[Libav-user] Video and audio timing / syncing
brado at bighillsoftware.com
Thu Apr 4 06:03:20 CEST 2013
On Mar 31, 2013, at 11:36 PM, Brad O'Hearne <brado at bighillsoftware.com> wrote:
> Presuming there's no unknowns about changing the time_base.den on the fly throughout encoding, problem solved.
> Throughout the weeks of Googling and reading endless source code, forum / mailing list posts, blogs, etc. on this, I had picked up the impression that time_base.den was to be set once prior to encoding and not mucked with thereafter. However, I just used the duration to calculate the frame rate and now I'm setting the time_base.den prior to pts and dts for every frame. Works great.
For the sake of those who might follow with a similar use-case, and as a basis for making a suggestion, I need to add a footnote to my previous email on resolution. As it turned out, the testing I did at that time which produced the "Works great" conclusion above didn't bounce the frame rate significantly to expose the fact that there was an actual problem doing this. By pot luck, I came across a manipulation of the video camera which significantly bounced the frame rate (it cut it in half), and when time_base.den was changed on the fly to match the new frame rate, the subsequent resulting pts in the new time_base units resulted in an inaccurate timing, and the "non-monotonically increasing..." error for pts and dts, and also the out-of-sync audio and video problem again.
As it turns out, the original impression I had picked up that time_base should not be changed on the fly is correct. The time_base should not be changed to match a variable frame rate, the time_base should be set up front and remain constant for the entire encoding process. Given the current definition of time_base, the proper way to handle a variable frame-rate is to do the following:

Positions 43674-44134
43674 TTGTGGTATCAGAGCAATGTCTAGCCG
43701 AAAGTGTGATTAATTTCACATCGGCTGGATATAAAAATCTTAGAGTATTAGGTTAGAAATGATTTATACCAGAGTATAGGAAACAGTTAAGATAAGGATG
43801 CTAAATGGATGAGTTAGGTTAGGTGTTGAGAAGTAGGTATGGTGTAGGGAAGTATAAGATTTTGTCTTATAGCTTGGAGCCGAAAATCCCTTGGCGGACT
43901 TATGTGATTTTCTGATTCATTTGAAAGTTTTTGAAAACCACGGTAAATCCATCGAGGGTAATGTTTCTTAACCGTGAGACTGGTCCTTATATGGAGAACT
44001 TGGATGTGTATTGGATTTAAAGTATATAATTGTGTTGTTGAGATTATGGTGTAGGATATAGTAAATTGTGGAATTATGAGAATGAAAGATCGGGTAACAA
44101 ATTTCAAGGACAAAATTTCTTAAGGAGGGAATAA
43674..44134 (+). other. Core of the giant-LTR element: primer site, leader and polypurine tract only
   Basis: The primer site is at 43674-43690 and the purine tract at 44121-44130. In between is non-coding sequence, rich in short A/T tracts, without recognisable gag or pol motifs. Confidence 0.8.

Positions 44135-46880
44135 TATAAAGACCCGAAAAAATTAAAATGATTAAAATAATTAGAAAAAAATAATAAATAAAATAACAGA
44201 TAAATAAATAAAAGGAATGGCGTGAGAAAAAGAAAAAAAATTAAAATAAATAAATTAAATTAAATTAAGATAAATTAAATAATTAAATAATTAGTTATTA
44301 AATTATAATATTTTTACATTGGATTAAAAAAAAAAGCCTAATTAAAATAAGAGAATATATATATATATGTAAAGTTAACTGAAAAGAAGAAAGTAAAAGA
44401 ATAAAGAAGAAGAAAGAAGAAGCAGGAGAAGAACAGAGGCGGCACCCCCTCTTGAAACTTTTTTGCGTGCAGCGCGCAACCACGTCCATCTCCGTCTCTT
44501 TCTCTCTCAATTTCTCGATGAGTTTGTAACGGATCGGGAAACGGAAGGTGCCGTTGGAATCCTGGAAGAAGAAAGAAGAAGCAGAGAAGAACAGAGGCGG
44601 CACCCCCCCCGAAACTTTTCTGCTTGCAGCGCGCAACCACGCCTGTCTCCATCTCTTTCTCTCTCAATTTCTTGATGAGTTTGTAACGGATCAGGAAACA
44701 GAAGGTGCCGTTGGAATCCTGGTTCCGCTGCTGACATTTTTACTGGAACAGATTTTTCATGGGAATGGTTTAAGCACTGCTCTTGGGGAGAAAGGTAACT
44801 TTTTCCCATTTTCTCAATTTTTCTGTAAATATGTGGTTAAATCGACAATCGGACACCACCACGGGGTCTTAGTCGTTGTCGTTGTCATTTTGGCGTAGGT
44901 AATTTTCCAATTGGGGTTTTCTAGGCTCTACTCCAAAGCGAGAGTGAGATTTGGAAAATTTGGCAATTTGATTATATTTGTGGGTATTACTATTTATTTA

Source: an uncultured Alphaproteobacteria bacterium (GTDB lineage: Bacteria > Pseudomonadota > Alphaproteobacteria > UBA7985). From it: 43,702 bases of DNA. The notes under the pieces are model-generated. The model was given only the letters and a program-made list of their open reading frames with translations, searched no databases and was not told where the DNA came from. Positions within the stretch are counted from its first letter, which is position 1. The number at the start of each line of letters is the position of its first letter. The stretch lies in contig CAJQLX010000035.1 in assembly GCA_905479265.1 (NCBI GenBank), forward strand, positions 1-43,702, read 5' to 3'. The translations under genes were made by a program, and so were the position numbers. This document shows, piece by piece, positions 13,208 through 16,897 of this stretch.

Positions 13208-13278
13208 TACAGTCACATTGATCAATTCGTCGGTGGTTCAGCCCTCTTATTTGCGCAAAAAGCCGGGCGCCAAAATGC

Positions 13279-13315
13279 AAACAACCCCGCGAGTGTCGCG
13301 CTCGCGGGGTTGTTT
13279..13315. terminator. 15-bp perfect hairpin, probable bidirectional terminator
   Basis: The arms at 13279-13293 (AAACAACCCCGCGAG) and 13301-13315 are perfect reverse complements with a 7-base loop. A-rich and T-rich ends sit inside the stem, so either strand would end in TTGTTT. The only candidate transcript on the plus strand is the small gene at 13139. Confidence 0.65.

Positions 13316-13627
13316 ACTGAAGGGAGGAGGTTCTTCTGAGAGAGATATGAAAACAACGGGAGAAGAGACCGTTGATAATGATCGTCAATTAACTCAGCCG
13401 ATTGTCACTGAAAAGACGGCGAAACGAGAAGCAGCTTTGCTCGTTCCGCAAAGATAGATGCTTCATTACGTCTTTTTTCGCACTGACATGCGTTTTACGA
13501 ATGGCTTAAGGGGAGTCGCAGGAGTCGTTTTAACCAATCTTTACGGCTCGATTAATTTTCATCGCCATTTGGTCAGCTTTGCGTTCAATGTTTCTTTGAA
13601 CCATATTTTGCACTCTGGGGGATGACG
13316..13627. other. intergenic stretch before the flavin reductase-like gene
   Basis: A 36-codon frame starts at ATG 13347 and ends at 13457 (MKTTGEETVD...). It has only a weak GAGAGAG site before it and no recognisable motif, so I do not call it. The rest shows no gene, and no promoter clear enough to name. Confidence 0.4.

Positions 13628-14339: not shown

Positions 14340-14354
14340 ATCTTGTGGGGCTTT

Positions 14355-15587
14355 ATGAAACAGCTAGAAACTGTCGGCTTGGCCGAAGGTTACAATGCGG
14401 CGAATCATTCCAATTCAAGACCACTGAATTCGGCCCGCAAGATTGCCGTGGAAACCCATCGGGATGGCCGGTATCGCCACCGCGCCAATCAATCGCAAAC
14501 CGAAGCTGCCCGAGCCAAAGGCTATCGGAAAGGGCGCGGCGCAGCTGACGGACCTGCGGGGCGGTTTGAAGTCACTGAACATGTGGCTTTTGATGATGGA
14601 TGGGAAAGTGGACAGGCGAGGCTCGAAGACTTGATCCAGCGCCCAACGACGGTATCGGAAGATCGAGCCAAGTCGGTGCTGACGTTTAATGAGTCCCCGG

1. Set time_base.den such that you can assume that the frame rate will never increase. I set my time_base.den value to 30, as I didn't foresee ever receiving a frame-rate higher than 30fps.
2. Use pts and dts values which increment by 1 for every frame.
3. Use the presentation time, duration and calculated frame rate of the received sample buffer to determine the frame rate, and whether the current frame should be encoded/written 0 times, 1 time, or multiple times based on how many frames the encoder is expecting at that specific pts. In other words, if the frame rate is bouncing around, a particular frame may need to be written only once (normal), multiple times (the frame rate has dropped), or not at all (frame rate has increased).
That last step which ironed out all timing issues made clear to me some of the things I had seen in various examples on the Internet (though not the FFmpeg official examples) which spoke of "delayed frames". I'm not completely sure it was the exact same problem being addressed, but it made sense after having to do this the general idea in play -- bottom line, the implementer has to fabricate fixed-fps out of variable fps.
As a point of suggestion, I would suggest that the FFmpeg maintainers either consider adding this fps smoothing for variable fps inside of avcodec, or alternatively reconsider the anchoring of time_base from the current potentially variable metric of frame rate to a fixed metric against which pts and dts can reliably and easily be converted. Frame rate is only truly fixed with either auto-generated frames (such as the FFmpeg examples) or when encoding a pre-existing file. But for live-capture, frame rate is variable -- hardware / software / latency etc., not to make mention of the fact that the capture mechanism in play (QTKit or otherwise) doesn't necessarily guarantee *any* particular frame rate.
I am not sure the design reason for making time-base be effectively frame-rate units, but as stated, frame-rate is a potentially varying metric. I would think that a time_base anchored to a fixed metric (such as time itself, e.g. milliseconds in a second - 1000) would be a much more reliable and versatile design, as it would serve fixed and variable frame rate scenarios equally well. I found it a little strange that I was receiving sample buffers from the capture mechanism with *exact* decode time, presentation time, and duration time, and yet while logically this is completely sufficient info to set frame timings, there were gymnastics and compensation required so as to accommodate a fixed frame rate, which as stated, in a live-capture scenario is basically fictional.
If there's no alteration to the time_base design, then I would again encourage adding fps smoothing to avcodec. If event that is not possible or desirable, at least add the algorithm for doing so to the FFmpeg code examples.
While I have some code cleanup yet to do, I have updated the video streaming part of my sample app to include this handling, if anyone now or down the road can benefit:
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